YouTube, now behaving more as a division of Google than a standalone UGC/video sharing site, will continue to reward content based on two factors: relevance to viewers, and the premium of the ads they generate. Google prides itself on a legacy of innovation that is often instinctive and not customer driven — we didn’t know we needed Google search in a crowded market. And we didn’t know we needed Gmail, which has more traffic now than YouTube itself.

But most of us miss this fact. Let’s look at some comments about the redesign (from blogs/discussion groups, especially NewTeeVee and ClickZ). They’re focused mostly on the homepage and organizational principle, but are overlooking the more powerful dynamics driven by YouTube’s “secret sauce.”

  • They’ve been disenfranchising us more and more. Eventually we’ll migrate elsewhere and youtube won’t have an audience to advertise too.
  • I think the trend is going towards compartmentalizing video content 1. Quality + Professional free with the hassle of advertising 2. Mixed Quality + free between terrible and good UCG that can be found on sites like youtube and howcast with the hassle of advertising 3. Paid entertainment, video content that can be purchased through itunes 4. Paid, quality instructional content that can be purchased
  • I reckon that for four tabs.: Music-25% , Films-10% , TV-15% , UGC-50%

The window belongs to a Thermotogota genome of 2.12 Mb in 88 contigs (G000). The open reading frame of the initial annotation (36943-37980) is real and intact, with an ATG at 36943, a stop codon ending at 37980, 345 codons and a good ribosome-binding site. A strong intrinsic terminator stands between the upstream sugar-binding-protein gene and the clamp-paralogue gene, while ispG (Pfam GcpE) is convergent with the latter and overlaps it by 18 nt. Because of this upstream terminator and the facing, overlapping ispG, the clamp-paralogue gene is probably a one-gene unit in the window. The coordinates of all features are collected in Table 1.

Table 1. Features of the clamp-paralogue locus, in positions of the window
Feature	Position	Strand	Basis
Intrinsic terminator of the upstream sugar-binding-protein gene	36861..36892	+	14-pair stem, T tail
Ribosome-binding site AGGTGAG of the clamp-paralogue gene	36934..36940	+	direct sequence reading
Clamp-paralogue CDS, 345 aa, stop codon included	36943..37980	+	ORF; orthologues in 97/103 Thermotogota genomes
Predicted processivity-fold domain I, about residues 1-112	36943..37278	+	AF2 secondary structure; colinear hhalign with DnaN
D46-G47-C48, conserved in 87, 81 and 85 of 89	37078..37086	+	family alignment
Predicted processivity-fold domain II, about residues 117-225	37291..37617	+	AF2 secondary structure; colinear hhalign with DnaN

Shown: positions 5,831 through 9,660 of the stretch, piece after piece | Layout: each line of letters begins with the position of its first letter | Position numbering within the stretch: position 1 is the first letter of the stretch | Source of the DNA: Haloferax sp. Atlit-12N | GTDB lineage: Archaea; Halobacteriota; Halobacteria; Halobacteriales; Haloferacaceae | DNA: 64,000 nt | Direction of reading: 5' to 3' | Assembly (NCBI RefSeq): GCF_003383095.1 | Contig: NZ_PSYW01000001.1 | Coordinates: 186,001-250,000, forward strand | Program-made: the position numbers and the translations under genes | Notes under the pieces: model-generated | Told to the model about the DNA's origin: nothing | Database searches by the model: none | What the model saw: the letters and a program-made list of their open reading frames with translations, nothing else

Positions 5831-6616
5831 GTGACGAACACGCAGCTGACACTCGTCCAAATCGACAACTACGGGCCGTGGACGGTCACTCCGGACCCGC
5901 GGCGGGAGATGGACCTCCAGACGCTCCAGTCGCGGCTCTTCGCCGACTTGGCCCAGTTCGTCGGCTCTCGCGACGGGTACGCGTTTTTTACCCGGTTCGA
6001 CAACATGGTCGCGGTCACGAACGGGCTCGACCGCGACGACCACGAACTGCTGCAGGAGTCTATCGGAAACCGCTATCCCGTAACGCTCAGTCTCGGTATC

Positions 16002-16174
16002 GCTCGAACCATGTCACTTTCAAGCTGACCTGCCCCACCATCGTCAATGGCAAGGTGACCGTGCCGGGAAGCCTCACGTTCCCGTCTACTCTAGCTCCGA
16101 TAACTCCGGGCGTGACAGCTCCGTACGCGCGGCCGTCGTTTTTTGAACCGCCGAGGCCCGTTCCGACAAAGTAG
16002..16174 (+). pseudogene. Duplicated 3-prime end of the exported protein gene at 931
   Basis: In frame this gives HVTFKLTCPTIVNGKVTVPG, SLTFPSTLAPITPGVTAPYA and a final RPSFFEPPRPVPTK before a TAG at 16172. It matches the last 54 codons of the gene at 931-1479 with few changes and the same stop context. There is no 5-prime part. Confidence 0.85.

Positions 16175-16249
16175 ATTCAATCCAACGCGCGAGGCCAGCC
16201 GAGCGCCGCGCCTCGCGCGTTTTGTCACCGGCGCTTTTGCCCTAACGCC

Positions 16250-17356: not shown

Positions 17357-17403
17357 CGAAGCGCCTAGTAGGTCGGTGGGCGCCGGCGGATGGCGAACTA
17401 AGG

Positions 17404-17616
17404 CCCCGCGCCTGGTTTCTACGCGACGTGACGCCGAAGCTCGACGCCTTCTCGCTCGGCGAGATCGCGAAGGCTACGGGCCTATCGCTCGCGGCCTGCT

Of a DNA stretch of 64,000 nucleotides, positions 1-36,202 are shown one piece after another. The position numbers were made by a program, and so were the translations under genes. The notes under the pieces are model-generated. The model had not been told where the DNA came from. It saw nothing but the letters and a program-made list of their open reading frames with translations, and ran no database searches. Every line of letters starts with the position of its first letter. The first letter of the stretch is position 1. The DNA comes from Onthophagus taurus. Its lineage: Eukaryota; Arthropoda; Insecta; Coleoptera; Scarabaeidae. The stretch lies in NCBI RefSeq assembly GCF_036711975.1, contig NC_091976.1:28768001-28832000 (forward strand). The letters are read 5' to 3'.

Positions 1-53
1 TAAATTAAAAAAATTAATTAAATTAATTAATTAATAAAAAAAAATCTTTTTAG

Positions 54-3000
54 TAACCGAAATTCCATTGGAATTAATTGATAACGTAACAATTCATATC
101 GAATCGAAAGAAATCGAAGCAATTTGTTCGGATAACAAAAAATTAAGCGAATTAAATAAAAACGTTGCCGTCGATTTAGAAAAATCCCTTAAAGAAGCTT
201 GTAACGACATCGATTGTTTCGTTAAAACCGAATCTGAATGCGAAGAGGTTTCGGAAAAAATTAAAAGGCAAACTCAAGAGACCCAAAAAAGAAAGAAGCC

• In effect, they are garden walling all the UGC on YT into a section so that if you want to ignore it you can.
  • I go to youtube because I *like* seeing good UGC (gasp)! I totally get that advertisers worry about what stupid crap their ads show up next to, but if youtube can’t patrol their homepage – why can’t they let their trusted users do it
  • I feel this change will marginalize UCG content, but it’s still a million times more democratic than the TV model.
  • The creation of a premium “sand box” for professional content will allow independent producers and large media companies to showcase and monetize their content more efficiently. Also, all content producers on the site will benefit from the inevitable increase in ad spends that are pushed to Youtube.
  • Hilarious! “Premium content” is just what the many millions of YouTube watchers don’t want!
  • I think this will give websites like Viddler and Vimeo a chance to grow their communities to the height of YouTube’s current level of success.
  • The UGC community on YouTube can succeed if they are able to monetize more easily and if established and rising “stars” are identified and receive promotion that positions them as “must-watch,” “YouTube only” content. They can be seen as complementary, and the more YouTube facilitates a parity the better.